Public Displays - Part 1

If we were so inclined, we could divide music into two broad categories: public music and private music. Some genres have always been public (i.e. intended for performance before a large audience) like the opera and the symphony, where lots of people watch lots of performers.

PUBLIC - Modern Day Concert Hall

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And there are some genres that are better suited to an intimate gathering, like a piano sonata (piece for solo piano) or a string quartet, where a smaller number of people watch one or two performers.

PRIVATE - 19th Century 'Domestic Music Salon'

(Having said that, for at least a hundred years these ‘chamber’ style pieces have also been performed in big concert halls instead of private venues, mostly for the financial opportunity that it potentially presents.)

From a purely pragmatic point of view, with one pianist playing one piano, there is a limited quantity of sheer sound, whereas with a hundred musicians in an orchestra you can make a lot of noise. So, naturally, some music is more appropriate in one setting than the other. 

Now, along with these different genres, different musical characteristics tended to emerge, and they tended to explore different emotional spheres (in much the same way that you would speak differently to your family gathered around the dinner table compared to a large conference-room filled with business associates.) The public genres were larger than life and often more revered because originally only the aristocracy could afford them. The opera was beautiful and beguiling melodrama, like Mozart’s The Marriage of Figaro and Rossini’s The Barber of Seville, while the symphony was dramatic, bombastic, and exalting, like all of Beethoven’s symphonies. And then along came Schubert.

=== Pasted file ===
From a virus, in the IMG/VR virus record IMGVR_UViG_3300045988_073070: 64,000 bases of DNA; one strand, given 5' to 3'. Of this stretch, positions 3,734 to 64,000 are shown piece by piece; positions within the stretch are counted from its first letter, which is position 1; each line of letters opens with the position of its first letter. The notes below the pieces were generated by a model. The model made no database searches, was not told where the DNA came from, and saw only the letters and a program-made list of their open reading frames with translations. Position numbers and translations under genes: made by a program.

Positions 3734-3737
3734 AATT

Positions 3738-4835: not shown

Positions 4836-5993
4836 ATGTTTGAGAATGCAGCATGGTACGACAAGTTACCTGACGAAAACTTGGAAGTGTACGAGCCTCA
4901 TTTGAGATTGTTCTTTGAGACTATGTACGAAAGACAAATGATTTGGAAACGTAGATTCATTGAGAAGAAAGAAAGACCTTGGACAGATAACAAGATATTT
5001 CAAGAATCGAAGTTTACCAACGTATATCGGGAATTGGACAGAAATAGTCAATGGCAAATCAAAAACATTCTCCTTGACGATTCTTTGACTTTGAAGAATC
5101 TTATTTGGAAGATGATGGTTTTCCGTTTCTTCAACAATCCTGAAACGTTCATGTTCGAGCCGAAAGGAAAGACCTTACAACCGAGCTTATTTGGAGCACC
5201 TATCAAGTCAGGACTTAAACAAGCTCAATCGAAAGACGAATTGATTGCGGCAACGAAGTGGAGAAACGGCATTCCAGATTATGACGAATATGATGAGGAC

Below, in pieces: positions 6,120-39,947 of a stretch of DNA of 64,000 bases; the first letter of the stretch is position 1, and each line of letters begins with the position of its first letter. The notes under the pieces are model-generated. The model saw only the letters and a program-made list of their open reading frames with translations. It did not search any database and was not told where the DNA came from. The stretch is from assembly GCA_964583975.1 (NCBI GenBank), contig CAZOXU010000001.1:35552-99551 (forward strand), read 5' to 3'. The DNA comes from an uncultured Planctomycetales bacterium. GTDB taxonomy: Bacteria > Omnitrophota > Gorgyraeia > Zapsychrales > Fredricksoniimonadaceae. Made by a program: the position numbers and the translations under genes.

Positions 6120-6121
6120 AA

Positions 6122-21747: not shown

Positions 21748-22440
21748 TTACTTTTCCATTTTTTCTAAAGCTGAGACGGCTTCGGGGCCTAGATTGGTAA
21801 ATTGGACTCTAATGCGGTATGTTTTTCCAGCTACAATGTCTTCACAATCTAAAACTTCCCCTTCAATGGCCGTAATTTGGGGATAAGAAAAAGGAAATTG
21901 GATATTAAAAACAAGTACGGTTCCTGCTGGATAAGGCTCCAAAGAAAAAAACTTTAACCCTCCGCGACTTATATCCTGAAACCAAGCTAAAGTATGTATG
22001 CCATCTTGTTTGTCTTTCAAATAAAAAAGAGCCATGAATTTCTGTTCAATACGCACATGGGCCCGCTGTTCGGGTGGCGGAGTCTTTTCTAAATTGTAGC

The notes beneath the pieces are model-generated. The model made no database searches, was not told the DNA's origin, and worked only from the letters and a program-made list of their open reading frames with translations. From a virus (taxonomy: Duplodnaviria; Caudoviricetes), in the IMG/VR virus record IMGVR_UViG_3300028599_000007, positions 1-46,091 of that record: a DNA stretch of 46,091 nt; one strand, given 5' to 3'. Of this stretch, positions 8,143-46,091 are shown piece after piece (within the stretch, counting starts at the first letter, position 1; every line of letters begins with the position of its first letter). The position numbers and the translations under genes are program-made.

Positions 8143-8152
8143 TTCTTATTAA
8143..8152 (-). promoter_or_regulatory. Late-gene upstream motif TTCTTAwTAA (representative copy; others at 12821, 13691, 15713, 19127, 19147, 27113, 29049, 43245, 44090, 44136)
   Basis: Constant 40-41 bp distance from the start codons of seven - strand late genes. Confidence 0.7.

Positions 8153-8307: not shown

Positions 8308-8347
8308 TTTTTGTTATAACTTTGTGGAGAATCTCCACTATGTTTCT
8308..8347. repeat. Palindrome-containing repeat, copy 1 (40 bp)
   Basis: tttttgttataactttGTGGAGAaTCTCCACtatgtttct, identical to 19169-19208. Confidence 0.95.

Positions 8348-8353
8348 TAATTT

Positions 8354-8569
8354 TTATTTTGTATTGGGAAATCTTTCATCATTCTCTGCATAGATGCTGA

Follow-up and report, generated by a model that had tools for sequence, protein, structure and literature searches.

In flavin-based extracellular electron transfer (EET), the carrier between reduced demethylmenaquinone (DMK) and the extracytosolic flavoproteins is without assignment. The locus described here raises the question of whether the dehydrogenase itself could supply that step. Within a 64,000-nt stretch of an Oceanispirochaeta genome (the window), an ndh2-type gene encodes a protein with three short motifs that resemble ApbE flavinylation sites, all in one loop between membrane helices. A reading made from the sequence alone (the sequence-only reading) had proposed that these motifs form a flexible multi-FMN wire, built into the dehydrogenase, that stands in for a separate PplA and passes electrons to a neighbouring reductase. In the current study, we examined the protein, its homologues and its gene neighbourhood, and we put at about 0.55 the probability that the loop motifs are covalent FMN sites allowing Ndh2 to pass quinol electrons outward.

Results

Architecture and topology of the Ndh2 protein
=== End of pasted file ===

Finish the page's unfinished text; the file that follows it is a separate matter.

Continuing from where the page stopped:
FRANZ SCHUBERT (1797 - 1821)


Schubert was the precocious young boy of a school headmaster. He began trying his hand at composing symphonies in his teens, lived a Bohemian lifestyle as a struggling composer in his 20s, and died all too young at the age of only 31. Schubert did not achieve fame during his own lifetime. Though he had a small band of devotees in his hometown of Vienna, he only became well-known decades after he died.

There are a couple of reasons for this: firstly, Schubert was not a virtuoso on any instrument (unlike Bach, Mozart, Beethoven, et al.) This meant he wasn’t able to publicize himself and his music through performances that dazzled crowds with prodigious technique. The second reason is that Schubert mainly composed Lieder (pronounced ‘LEE-da’; in English this is known as ‘art-song’. It is poetry set to music to be performed by one singer, accompanied by the piano.) Lieder is the very definition of private music, specifically intended for performance by only two musicians. It might have been a way that two friends quietly passed the time together on a weeknight, or it could have been part of a fun night out, with lots of booze and a bunch of people crammed into someone’s apartment – like a sing-a-long. (In fact, in certain circles these evenings became known as Schubertiades, and Romantic artists loved to paint scenes of these.)  


And just like today, songs made you famous. Songs were considered 

‘domestic’, i.e. for private use in the home. So even though they were less highly regarded than those grand orchestral works of the concert hall, every man and his dog had access to them and felt a sense of personal ownership over them - kind of like the relationship we develop with beloved TV characters.

To be continued in Parts 2 & 3… 

Kirsten Hicks